So much for the nuclear industry’s men. But equally demented are prominent greens, like George Monbiot, who has seized the opportunity of one of the most ghastly and potentially lethal disasters in the “peacetime” history of nuclear power to announce last week in The Guardian, under the headline “Japan nuclear crisis should not carry weight in atomic energy debate”:
“[A]s long as the following four conditions are met, I will no longer oppose atomic energy .
1. Its total emissions — from mine to dump — are taken into account, and demonstrate that it is a genuinely low-carbon option; 2. We know exactly how and where the waste is to be buried; 3. We know how much this will cost and who will pay; 4. There is a legal guarantee that no civil nuclear materials will be diverted for military purposes. To these I'll belatedly add a fifth, which should have been there all along: no plants should be built in fault zones, on tsunami-prone coasts, on eroding seashores or those likely to be inundated before the plant has been decommissioned or any other places which are geologically unsafe. … [S]ound as the roots of the anti-nuclear movement are, we cannot allow historical sentiment to shield us from the bigger picture. Even when nuclear power plants go horribly wrong, they do less damage to the planet and its people than coal-burning stations operating normally. … The Chernobyl meltdown was hideous and traumatic. The official death toll so far appears to be 43 — 28 workers in the initial few months then a further 15 civilians by 2005…”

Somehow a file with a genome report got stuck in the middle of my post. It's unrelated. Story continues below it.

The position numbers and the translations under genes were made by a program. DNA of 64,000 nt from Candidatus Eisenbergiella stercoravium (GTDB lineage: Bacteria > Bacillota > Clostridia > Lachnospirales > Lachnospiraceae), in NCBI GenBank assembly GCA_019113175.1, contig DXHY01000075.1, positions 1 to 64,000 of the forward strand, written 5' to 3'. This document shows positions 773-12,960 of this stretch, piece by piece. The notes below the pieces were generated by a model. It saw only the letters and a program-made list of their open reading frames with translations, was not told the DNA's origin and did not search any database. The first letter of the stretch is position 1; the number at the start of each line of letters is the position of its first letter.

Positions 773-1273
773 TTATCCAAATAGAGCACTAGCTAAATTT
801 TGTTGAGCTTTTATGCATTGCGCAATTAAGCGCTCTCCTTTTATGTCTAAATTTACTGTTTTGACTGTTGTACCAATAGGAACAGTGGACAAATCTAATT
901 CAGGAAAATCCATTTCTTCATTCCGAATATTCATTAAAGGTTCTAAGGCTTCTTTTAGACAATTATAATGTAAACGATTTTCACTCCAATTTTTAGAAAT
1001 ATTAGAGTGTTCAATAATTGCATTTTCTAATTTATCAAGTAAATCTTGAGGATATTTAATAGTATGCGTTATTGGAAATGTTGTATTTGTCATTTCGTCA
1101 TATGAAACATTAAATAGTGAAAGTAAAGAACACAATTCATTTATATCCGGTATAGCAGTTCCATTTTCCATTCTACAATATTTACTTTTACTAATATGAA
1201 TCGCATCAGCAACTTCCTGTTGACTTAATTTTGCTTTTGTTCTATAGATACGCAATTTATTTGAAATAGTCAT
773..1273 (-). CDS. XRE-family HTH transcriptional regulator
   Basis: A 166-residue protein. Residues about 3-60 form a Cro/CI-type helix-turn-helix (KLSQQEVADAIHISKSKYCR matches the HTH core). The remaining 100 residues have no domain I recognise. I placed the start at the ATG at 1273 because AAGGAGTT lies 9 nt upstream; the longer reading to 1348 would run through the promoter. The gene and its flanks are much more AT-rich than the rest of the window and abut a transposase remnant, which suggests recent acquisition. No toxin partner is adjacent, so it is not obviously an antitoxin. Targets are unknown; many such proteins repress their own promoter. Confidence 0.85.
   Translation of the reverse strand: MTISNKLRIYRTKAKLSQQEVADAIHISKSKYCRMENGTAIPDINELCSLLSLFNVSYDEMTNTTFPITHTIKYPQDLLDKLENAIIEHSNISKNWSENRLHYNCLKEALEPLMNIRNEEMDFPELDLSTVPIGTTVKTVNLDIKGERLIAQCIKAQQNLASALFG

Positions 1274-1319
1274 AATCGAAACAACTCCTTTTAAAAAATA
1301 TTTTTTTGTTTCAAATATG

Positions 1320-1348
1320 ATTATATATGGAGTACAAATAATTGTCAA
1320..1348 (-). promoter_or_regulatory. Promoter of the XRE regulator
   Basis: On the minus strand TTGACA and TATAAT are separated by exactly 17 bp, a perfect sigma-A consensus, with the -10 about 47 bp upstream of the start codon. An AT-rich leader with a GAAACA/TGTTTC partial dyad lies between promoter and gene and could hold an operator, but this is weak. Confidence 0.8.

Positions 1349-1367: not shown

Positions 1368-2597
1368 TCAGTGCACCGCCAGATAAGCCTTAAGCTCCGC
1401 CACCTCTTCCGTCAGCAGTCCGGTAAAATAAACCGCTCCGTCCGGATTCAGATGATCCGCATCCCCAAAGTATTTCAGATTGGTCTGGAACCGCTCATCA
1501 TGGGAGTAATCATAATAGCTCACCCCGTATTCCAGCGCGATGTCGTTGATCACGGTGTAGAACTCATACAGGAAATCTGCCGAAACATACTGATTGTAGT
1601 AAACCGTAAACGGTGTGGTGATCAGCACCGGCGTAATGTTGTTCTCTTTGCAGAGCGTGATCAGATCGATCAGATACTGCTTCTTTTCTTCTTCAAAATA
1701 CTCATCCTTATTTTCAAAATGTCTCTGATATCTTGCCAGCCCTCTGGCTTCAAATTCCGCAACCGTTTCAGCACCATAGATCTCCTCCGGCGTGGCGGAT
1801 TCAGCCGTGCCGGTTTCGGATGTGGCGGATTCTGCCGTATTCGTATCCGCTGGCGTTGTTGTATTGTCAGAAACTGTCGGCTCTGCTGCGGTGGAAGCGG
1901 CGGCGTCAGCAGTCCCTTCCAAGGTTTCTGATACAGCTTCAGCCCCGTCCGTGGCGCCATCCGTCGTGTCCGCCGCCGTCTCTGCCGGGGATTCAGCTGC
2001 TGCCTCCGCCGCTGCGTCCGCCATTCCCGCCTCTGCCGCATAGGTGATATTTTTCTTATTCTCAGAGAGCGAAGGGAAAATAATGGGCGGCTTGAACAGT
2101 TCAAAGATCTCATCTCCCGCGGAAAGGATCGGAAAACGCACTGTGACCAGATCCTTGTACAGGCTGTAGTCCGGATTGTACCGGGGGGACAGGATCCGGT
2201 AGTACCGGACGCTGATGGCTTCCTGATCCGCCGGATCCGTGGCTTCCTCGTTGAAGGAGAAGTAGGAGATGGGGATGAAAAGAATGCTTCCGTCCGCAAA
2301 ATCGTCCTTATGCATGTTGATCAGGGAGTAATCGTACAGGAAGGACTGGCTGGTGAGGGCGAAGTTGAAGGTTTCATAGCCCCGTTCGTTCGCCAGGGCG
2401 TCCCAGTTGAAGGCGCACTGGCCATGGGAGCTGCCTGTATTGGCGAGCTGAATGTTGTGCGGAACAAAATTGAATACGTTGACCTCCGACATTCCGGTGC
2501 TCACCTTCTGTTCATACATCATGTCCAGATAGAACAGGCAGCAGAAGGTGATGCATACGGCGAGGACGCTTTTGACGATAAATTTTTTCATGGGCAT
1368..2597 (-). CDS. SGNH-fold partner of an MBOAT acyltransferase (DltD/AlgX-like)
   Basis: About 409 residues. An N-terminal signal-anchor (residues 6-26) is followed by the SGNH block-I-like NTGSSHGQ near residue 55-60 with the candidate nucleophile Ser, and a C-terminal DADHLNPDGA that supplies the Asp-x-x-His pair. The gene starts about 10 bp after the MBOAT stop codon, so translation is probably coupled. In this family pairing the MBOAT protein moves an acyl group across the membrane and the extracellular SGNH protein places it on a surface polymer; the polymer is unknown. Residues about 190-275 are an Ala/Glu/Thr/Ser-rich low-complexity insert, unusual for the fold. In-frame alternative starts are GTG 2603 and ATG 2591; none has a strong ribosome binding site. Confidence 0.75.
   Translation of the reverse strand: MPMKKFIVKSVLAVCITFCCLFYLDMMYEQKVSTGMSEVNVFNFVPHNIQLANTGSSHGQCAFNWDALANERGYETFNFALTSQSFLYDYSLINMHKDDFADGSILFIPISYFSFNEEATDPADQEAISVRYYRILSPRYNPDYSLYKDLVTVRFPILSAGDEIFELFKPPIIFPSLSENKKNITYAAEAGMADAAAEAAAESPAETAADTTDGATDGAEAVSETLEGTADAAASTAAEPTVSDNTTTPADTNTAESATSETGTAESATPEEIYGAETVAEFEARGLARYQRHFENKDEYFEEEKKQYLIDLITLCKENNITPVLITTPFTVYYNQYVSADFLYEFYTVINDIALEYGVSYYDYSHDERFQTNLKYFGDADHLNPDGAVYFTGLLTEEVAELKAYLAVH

Does Monbiot live on Fantasy Island? It's as if things called “political power” and “economic power” do not exist. Hasn’t he read a line from the history of the nuclear power industrial/ academic / political complex — one of the most powerful lobbies in the advanced industrial world, in continuous and successful operation for 70 years?
Why do we not see furious demonstrations right now, outside every one of this country’s 104 nuclear plants? Can the antinuclear movement, with a glorious activist history now 20 years gone, now not even manage a muted echo of the turnouts in Germany and France? No. The reason: major environmental organizations long ago made a devil’s pact with the nuclear industry. Fixated by their models of Anthropomorphic (Human caused) Global Warming (AGW), they took the nuclear option. We’re talking here about the Natural Resources Defense Council, the World Wildlife Fund, the Sierra Club which forced out David Brower when he opposed Diablo Canyon, people like Obama’s White House advisor John Holdren, along with supposedly progressive outfits like the Bulletin of Atomic Scientists and the Union of Concerned Scientists, who go on prattling about “better safeguards,” just like the idiotic Monbiot.